Graduates turning to local school Students register in record numbers

July 20, 1993|By Monica Norton | Monica Norton,Staff Writer

When Kathy Green graduated from St. Mary's High School in Annapolis two years ago, she knew she wanted to go to college. But the 19-year-old didn't know where.

So the Annapolis teen decided to do what many of her fellow residents have done: Stay home and earn a degree, practically from her own backyard, at Anne Arundel Community College.

"A lot of colleges tend to be expensive, and I was unsure where I wanted to go or what I wanted to do," Ms. Green said. "I decided I'd go to a community college, stay there for a year, and then transfer out.

"But after the first year I liked it so much I decided to stay for a second year. It's just a really great school," she added.

More county high school graduates are opting to attend Anne Arundel Community College than any of the state's other 14 public colleges and universities.

This spring, 11,732 students signed up for classes -- a record for spring registration, and a 9 percent increase over last year.

In 1992, 1,135 county residents registered at AACC as full-time freshmen. The University of Maryland at College Park accounted for the second largest number of county residents who chose to attend college in Maryland, with 168 students.

"We are very pleased with the interest students have shown in the college," said Augustine Pounds, AACC's vice president of student services.

"We have been very active in the community by going out into the schools and talking to students about the programs and services we provide," she said.

The college has made a number of strides over the past several years to step up its marketing efforts. Not only do officials work in conjunction with the county's high schools in setting up information sessions, but they also have placed registration booths at the mecca of teen-age and young adult life -- the mall.

Students see "the opportunities, support we provide," Dr. Pounds added. "We obviously have an environment that supports success."

A June study completed by the Maryland Higher Education Commission shows that of the 1,735 county students who entered a state public college in the fall of 1992, 68 percent chose to attend AACC. Maryland has 49 public and independent colleges and universities.

The study also said that the majority of Maryland residents seeking post-secondary education choose to do so in the state. The National Center for Educational Statistics reported that 65 percent of first-time freshman, and 75 percent of undergraduate students, stay within state boundaries while attending college.

"[AACC is] very close to my home, and it's a nationally ranked school," Ms. Green said. "The credits are easy to transfer and the people are just nice.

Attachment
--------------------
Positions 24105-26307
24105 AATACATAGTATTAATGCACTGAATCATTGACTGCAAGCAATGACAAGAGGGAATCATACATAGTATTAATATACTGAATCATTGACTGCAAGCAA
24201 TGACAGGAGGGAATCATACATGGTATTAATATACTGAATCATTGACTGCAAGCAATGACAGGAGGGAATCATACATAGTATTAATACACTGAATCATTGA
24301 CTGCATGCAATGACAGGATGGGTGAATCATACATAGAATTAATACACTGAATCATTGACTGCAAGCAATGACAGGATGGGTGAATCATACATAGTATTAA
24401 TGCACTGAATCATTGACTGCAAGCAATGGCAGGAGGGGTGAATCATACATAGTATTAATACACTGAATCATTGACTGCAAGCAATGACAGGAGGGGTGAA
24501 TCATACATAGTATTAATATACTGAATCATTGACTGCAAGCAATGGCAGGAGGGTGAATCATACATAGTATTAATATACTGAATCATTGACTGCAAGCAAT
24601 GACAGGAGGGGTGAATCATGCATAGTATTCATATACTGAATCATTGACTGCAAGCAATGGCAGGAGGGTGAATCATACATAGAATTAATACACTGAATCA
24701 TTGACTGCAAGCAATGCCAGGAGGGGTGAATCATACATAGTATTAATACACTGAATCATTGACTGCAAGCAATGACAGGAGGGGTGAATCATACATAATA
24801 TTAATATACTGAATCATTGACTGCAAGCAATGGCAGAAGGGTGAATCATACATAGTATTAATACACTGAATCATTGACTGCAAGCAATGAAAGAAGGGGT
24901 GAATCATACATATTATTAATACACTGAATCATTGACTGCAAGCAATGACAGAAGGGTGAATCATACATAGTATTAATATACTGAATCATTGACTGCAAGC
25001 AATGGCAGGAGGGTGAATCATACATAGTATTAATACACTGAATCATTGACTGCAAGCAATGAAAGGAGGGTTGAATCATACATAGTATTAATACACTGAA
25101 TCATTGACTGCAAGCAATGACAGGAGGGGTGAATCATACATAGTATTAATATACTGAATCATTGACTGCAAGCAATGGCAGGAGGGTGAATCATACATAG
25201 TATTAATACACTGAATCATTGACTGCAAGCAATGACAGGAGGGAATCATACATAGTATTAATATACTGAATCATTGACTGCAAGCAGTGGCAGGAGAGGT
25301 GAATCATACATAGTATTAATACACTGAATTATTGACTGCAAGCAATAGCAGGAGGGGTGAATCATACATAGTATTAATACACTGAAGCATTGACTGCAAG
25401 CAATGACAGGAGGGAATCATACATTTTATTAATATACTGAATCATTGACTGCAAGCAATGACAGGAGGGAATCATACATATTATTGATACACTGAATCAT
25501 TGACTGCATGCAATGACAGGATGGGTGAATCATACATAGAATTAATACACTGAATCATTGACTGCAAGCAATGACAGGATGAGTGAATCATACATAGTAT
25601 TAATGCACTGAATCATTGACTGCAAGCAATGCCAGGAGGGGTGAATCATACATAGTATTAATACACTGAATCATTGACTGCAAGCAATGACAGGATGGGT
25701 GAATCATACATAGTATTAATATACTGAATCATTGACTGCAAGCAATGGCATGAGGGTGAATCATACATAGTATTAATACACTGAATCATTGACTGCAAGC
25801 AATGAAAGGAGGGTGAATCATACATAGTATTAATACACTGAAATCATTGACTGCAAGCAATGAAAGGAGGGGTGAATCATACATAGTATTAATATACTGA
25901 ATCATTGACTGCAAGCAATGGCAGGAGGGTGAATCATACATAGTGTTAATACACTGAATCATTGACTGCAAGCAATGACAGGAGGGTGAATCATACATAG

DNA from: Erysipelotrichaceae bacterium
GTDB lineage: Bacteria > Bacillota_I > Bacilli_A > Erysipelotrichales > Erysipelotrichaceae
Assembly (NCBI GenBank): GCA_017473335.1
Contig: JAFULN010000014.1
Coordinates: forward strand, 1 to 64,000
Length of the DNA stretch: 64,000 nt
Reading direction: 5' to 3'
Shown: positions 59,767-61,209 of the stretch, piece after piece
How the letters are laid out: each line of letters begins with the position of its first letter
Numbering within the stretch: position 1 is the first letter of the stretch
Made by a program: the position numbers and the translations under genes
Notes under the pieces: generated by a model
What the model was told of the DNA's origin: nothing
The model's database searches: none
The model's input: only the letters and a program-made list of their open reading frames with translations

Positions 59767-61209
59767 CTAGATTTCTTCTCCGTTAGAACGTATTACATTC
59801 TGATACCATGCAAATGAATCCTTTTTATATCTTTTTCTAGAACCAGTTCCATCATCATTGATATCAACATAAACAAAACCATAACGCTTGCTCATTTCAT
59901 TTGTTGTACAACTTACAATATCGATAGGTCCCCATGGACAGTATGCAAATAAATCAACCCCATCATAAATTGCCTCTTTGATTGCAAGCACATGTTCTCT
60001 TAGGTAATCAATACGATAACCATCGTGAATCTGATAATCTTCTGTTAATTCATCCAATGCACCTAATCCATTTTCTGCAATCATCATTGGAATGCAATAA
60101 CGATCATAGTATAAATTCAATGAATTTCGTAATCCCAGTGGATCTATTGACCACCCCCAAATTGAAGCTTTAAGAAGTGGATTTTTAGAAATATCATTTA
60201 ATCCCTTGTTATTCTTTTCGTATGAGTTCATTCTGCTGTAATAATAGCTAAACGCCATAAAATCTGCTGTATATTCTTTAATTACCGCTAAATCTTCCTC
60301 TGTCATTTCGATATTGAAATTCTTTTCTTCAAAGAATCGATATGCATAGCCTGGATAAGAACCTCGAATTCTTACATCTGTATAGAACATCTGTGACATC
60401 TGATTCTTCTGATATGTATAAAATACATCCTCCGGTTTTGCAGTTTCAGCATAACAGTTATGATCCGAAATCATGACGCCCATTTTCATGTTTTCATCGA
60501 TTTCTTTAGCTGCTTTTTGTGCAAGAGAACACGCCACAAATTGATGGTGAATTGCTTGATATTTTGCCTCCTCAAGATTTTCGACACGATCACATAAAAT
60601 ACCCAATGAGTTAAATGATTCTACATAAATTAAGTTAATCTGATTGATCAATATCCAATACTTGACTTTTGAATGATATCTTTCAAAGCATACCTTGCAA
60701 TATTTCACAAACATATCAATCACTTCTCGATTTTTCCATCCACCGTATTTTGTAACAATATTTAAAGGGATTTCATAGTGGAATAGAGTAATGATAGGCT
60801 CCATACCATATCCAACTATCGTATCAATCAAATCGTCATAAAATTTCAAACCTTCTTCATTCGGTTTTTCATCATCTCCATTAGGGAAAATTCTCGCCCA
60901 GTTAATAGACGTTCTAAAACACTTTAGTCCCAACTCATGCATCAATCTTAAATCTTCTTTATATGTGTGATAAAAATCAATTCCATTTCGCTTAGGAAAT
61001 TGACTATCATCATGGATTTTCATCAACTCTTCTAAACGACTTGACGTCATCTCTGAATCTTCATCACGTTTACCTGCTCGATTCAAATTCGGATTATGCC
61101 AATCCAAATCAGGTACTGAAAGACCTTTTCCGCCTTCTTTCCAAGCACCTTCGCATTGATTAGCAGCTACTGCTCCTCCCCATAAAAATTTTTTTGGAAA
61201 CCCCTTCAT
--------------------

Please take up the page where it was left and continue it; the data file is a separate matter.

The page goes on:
"My first semester here I was walking around kind of blind. But I met with an adviser and she found out about my interest in sports and helped me arrange my classes so I could do both. I love it here."

Dr. Pounds said there is no one reason county students choose to attend AACC over the state's other offerings.

"When you look at [the county's] record and the number of students going to college, obviously you have to look at the economy and the convenience of our school," she said.

Courses at the community college cost $54 per credit, while classes at the state's four-year schools can be twice as much. This fall, tuition at Towson State University will be $1,043 for 12 or more credits per semester. At the University of Maryland at College Park, tuition will be $1,282 for nine or more credits per semester.

But even with courses at just $54 per credit, Dr. Pounds said students have cited an increase in cost as one reason they often cannot return semester after semester. In spring 1992, the college made up for a $30 million budget cut by raising the cost of a credit hour from $44 to $54.

The following fall, AACC saw a slight decrease in enrollments after eight years of significant growth.

"But our retention rate is still very good," she said. "I think [the school's success in attracting students] is reflective of the open door the college has with the community. I think it shows that we are serving our population, and we are serving them well."

Community colleges were once seen as a place of last resort, the school students attended when they couldn't get into "a real school." But that stigma seems to be dying. Students attending Anne Arundel Community College have grade point averages and test scores comparable to students attending other public colleges throughout the state.

The average Scholastic Aptitude Test score for a student attending the community college is 839. The national average score is 899.

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